Saturday, June 08, 2013

Making Love

Recently, I received an amazing care package from someone very special to me. My idol, Stephanie Lee!We've never even met in person. It was filled with homemade jams, a piece of amazingly gorgeous jewelry, beautiful beads, and one of the kindest, softest notes I have ever received. This has become part of the unforgettable memories of my life. I know how busy life can get. And I know what it takes to send a package to someone...I do it often in my line of work...but one carefully filled with little glass mason jars in bubble wrap among other things? Well, that is above and beyond a care package...It made me feel seen and loved and heard...all of those things which we need as a human "being".
jams and preserves
            I lined the jars up and gingerly held them up to the sunlit window, slowly turning them like chunky kaleidoscopes. Each jar carefully labeled with the contents...beautiful amber and red colors...tiny chunks of fruit carefully cut and suspended in time. Friends, I know about canning. I know how labor intensive it is...
Nanny taught me about canning.
            During the hot summer months on Lake Santa Fe in northern Florida, I'd sit barefoot and tanned in a metal folding chair on the carport with my Nanny (Kathleen) Roberts shucking peas, de-veining  string beans, snapping them into smaller pieces...the scent of raw green in my nostrils and the gentle sound of the lapping lake in the distance. She called me Jenny in her gentle, southern voice and the sound soothed me with warmth each time.
Granddaddy and Nanny circa 1982
          Those summer days are some of the most cherished memories of my life. She and I and large bowls of snap peas and beans, chatting about canning and how long she had been doing it. The sound of metal lawn chairs scraping the carport cement as I scooted closer to her so I could see how it was properly done.
The large jars of butter beans were stored up on a shelf on the carport in long, neat rows. They could be seen when you drove up onto the carport, up to the kitchen door. I can still hear her voice calling to my father, Jerry, to go and get a jar of butter beans for supper. I can see his sun-browned hands reaching for one of the the large mason jars. Jars filled with those pale beans;  jars filled with conversations and sunshine. and the labors of a community garden in the deep southern sun.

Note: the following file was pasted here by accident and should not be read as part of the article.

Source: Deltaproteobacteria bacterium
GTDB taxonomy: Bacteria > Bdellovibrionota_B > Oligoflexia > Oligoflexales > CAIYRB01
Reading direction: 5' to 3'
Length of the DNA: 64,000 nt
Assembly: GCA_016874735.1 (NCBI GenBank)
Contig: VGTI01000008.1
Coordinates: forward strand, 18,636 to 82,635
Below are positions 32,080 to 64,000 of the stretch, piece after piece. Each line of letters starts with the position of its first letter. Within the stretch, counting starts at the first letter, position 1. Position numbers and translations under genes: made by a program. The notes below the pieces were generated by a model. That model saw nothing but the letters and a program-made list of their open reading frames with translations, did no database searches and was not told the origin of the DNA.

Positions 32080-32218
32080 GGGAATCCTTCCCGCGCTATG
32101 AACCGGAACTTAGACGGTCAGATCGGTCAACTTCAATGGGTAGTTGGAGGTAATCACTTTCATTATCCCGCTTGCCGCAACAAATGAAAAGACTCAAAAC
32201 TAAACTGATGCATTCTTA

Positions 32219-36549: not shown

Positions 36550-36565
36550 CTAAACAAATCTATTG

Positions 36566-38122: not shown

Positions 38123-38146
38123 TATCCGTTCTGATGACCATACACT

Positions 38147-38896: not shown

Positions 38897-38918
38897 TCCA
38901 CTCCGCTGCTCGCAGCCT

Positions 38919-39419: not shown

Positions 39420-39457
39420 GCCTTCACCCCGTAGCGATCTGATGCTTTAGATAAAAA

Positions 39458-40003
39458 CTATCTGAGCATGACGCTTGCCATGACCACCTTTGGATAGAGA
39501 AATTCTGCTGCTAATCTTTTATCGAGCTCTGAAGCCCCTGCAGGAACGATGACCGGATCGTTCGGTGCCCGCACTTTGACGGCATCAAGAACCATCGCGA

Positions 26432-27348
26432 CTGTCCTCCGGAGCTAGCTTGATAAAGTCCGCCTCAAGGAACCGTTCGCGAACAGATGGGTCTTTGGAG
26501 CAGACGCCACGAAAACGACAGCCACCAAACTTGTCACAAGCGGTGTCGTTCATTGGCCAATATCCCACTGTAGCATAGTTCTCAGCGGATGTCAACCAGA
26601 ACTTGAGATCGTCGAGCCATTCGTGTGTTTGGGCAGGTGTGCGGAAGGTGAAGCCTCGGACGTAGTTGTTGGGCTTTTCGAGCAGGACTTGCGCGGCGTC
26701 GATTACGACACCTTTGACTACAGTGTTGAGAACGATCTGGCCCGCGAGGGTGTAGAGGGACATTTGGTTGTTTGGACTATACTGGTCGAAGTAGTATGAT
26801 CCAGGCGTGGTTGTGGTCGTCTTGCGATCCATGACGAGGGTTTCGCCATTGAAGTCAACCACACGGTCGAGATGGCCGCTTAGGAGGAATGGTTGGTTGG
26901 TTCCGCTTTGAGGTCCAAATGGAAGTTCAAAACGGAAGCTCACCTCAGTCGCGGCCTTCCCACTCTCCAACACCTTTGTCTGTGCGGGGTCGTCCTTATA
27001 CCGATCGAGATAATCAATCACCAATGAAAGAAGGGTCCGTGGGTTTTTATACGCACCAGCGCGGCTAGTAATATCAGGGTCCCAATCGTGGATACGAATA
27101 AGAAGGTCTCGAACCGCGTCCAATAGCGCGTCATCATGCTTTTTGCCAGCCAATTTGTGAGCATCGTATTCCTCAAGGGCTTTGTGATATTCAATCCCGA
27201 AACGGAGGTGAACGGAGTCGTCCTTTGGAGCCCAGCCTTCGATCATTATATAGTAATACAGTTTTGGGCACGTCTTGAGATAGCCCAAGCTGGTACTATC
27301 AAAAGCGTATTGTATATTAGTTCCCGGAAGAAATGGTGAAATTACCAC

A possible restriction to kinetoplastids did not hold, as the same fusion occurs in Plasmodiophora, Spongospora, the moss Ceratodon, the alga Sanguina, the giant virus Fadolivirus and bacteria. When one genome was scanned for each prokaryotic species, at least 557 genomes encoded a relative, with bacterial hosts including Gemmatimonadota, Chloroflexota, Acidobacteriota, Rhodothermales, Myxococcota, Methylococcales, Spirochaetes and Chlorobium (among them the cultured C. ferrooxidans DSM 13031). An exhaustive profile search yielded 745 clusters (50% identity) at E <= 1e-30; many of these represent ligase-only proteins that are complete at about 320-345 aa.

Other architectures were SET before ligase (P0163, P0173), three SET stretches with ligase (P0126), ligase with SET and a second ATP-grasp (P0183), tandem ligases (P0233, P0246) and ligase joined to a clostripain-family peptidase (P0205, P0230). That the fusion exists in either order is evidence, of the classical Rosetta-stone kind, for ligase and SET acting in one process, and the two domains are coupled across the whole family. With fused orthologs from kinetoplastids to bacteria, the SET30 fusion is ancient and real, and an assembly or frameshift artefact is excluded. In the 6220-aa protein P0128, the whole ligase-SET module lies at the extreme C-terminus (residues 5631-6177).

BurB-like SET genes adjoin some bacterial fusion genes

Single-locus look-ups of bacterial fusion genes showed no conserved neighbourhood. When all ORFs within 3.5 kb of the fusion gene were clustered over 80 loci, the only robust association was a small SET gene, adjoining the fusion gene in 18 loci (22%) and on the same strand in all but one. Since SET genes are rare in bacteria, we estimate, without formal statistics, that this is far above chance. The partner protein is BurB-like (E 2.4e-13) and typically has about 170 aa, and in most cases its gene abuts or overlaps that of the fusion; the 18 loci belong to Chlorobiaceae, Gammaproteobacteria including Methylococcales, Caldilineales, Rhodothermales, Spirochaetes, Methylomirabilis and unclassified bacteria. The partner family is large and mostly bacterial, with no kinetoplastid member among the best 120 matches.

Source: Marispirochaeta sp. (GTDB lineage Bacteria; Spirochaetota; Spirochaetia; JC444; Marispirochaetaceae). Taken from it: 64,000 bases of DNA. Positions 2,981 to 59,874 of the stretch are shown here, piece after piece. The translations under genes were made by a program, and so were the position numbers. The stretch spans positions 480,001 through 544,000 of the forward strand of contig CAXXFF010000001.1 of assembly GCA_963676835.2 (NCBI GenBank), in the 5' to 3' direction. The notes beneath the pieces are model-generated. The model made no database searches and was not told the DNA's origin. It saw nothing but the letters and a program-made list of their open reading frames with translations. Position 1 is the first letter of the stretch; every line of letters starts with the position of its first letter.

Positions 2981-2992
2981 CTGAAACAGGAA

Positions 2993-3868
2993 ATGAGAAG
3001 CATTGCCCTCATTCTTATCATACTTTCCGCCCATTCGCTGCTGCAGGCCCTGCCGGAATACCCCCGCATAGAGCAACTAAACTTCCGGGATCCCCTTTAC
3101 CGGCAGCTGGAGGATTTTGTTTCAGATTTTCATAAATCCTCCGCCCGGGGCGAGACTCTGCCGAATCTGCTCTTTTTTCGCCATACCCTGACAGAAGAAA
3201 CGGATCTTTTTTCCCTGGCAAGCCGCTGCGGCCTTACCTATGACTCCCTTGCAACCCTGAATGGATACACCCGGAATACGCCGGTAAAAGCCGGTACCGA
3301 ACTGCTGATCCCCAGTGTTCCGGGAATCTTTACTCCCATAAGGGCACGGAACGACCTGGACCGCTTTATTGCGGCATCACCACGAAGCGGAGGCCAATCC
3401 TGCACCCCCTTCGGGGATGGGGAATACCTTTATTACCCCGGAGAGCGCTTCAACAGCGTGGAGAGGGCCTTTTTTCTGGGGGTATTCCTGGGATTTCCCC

Holding those little jewel filled jars that were sent to me, my memory was flooded like a tide pool...holding the most precious living things I could ever own; my memories.
            Nanny is gone now. She was 85. Jerry left long before her in 1983. I was 14. She always said one should never have to outlive her children, but that he was with Jesus now.
            Holding the little jars from my box to the light, I remember love. I remembered family meals around a creaky old table. And I felt loved.... my mind flooded with memories of my father; of love, family and gentle conversation with one of the softest, kindest women I've ever known. All of this from a single box bearing my name.
            I bought muffins yesterday. Savoring the thought that this morning I would open one of the jars with that familiar POPing sound as the seal breaks, and spreading the fruity sweetness over crusty brown bread and  real butter...almost like the feeling of rolling vintage jewels around in the palm of my hand. I imagine the journey from garden to hands to bowl to plate. I hear voices and laughter spilling out into the morning air.
            I sigh with the thought of it all. Where love begins and never ends...long after the jars are empty, rinsed and ready for the next season. Jars turned upside down, long bereft of their contents, a symbol of hope for another season of love to be made.

Jewelry by Stephanie Lee

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